The artist manifesto, a public declaration of beliefs, has long been a fixture among 20th Century radical art and political movements and collectives, from the 1909 Italian Futurist manifesto to the many statements and slogans distributed as posters, print ads and billboards by the Guerilla Girls, who anonymously protest underrepresentation of women in the art world. Still active, they wear gorilla masks to protect their identity, while adopting names of deceased female artists. For them, a collective not based on individual identity and authorship made sense because women artists faced real retribution for demanding change from the museum and gallery system, run primarily by white males. Their street-art and protest-oriented tactics have influenced the work of many artist collectives, clearly including the BombShells.
Anonymity is also a feature of the poster and protest sign, because their messages rarely reveal an author. Instead, through text and graphics they project an authoritative voice with an urgent message for whomever is willing to receive it. Printing is an inexpensive mass produced mode of public political expression and is a simple vehicle to make a message broadly visible and accessible. These concepts influence the methods that have been adopted by the ART HAGS and Pull Club. Graphic works by the Pull Club, a screen printing and design cooperative, are installed on billboard structures that follow the KHAC’s circular driveway, so visitors can view the works from their car or by strolling outside the building. Images with slogans, such as a pink flowered sign that says, “Your Casual Racism Kills”, underscore issues like social justice, sexism, and climate change.
ART HAGS created the 2020 project “Signs of Respect” as a response to COVID. These hand-drawn plastic lawn signs, produced in mass, humorously encourage masking and social distancing. Extra signs were created for the exhibition which visitors are invited to take home. The collective, which refers to itself as “a coven, or a group of friends”, convene to create space for their artwork and for the acknowledgement of women in the arts, as in their piece “Holding Space: The Jeanne Claude Project” that references the contribution of Christo’s partner Jeanne Claude in the creation of The Gates installation in Central Park. The duo LOOK works in poetry, performance and printed matter, creating work about friendship, cultural lines, and comedy as therapy. Their quiet installation consists of a series of printed poems and two object arrangements that contain seemingly symbolic things with cryptic meanings, like the ceramic chocolate glazed donut and plastic butterfly hair clip in the piece “Bermuda Altar.”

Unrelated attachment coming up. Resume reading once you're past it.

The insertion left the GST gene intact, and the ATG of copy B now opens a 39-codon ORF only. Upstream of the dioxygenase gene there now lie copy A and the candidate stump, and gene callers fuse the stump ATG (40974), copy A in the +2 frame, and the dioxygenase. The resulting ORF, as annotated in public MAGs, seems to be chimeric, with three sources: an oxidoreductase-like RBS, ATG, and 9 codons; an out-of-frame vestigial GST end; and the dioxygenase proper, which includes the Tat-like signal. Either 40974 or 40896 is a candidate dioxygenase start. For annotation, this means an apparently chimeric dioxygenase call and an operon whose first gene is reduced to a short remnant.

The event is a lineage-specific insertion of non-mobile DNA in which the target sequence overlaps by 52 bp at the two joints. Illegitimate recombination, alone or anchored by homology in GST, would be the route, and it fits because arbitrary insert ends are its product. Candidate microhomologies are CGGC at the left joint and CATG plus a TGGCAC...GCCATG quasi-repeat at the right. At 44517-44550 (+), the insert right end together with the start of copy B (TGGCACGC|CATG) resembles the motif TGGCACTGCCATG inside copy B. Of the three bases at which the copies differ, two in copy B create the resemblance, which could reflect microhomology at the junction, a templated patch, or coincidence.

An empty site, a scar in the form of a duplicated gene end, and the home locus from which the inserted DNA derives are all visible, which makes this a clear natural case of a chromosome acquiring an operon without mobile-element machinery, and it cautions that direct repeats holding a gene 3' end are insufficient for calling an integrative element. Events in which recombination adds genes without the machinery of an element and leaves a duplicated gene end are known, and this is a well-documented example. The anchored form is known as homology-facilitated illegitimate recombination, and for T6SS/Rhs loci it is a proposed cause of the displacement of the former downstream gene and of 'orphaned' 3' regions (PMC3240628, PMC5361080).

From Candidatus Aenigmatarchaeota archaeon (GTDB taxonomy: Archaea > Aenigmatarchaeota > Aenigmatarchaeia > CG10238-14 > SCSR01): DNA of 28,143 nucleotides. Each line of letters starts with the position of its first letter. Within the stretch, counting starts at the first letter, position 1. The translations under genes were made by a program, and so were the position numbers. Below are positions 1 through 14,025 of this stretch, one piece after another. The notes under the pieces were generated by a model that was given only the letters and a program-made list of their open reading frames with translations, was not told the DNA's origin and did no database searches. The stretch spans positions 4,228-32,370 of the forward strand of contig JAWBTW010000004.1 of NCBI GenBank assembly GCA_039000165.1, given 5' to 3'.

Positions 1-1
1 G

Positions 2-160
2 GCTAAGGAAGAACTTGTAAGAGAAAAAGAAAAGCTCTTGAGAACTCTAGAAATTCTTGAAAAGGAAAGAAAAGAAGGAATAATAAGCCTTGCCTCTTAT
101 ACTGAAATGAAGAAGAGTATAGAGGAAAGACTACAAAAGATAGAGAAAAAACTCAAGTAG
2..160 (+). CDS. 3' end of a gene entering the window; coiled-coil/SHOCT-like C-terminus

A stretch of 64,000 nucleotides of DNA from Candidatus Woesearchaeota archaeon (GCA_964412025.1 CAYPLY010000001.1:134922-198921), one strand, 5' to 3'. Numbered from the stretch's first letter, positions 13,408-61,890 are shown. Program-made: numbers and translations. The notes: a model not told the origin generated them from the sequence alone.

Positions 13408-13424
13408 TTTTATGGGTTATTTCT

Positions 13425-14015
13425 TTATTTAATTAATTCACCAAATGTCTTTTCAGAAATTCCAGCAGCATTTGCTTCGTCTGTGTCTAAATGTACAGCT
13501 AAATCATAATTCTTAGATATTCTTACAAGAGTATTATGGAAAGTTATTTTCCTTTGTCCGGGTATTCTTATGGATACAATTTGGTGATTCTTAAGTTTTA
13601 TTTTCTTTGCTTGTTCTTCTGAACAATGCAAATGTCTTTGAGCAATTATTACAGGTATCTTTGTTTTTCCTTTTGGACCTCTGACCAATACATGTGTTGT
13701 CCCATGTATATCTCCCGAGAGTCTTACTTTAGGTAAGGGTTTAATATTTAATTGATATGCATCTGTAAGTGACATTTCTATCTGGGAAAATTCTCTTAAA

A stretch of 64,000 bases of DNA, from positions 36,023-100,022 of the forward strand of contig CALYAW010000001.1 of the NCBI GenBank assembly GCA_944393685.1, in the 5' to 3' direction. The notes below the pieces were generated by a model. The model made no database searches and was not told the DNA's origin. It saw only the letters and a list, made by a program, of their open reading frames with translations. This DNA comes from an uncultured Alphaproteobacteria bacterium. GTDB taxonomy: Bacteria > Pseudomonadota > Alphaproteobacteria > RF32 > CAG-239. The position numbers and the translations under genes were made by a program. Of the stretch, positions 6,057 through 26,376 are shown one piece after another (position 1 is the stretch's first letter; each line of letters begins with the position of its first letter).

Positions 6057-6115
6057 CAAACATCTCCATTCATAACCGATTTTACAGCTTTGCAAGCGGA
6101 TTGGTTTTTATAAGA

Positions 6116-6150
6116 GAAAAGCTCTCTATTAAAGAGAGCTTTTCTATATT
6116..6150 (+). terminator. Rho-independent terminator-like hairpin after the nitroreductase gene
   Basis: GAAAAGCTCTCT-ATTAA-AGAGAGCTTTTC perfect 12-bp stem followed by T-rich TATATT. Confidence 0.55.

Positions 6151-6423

Maidens of the Cosmic Body Running create yet another kind of space for this exhibition. The three-member group makes video installations and animations. Their piece “Promise of Green” presents a space for relaxation and meditation. Rest is a recurring theme in their work, as are triangles, here present in the shape of a large shag rug on which viewers are invited to sit to look into a round mirror overlayed with a pattern of triangles. Onto this is projected a blurry video of a single bright green shoot emerging from a seed in the ground. The work is inspired by the history of Lewis Kennedy, for whom Kennedy Heights is named, whose father-in-law was known as a seed salesman. The visually mesmerizing work is characteristic of much of their output, which centers on, as their website says, “the power of the photographic image as a vehicle for romance”.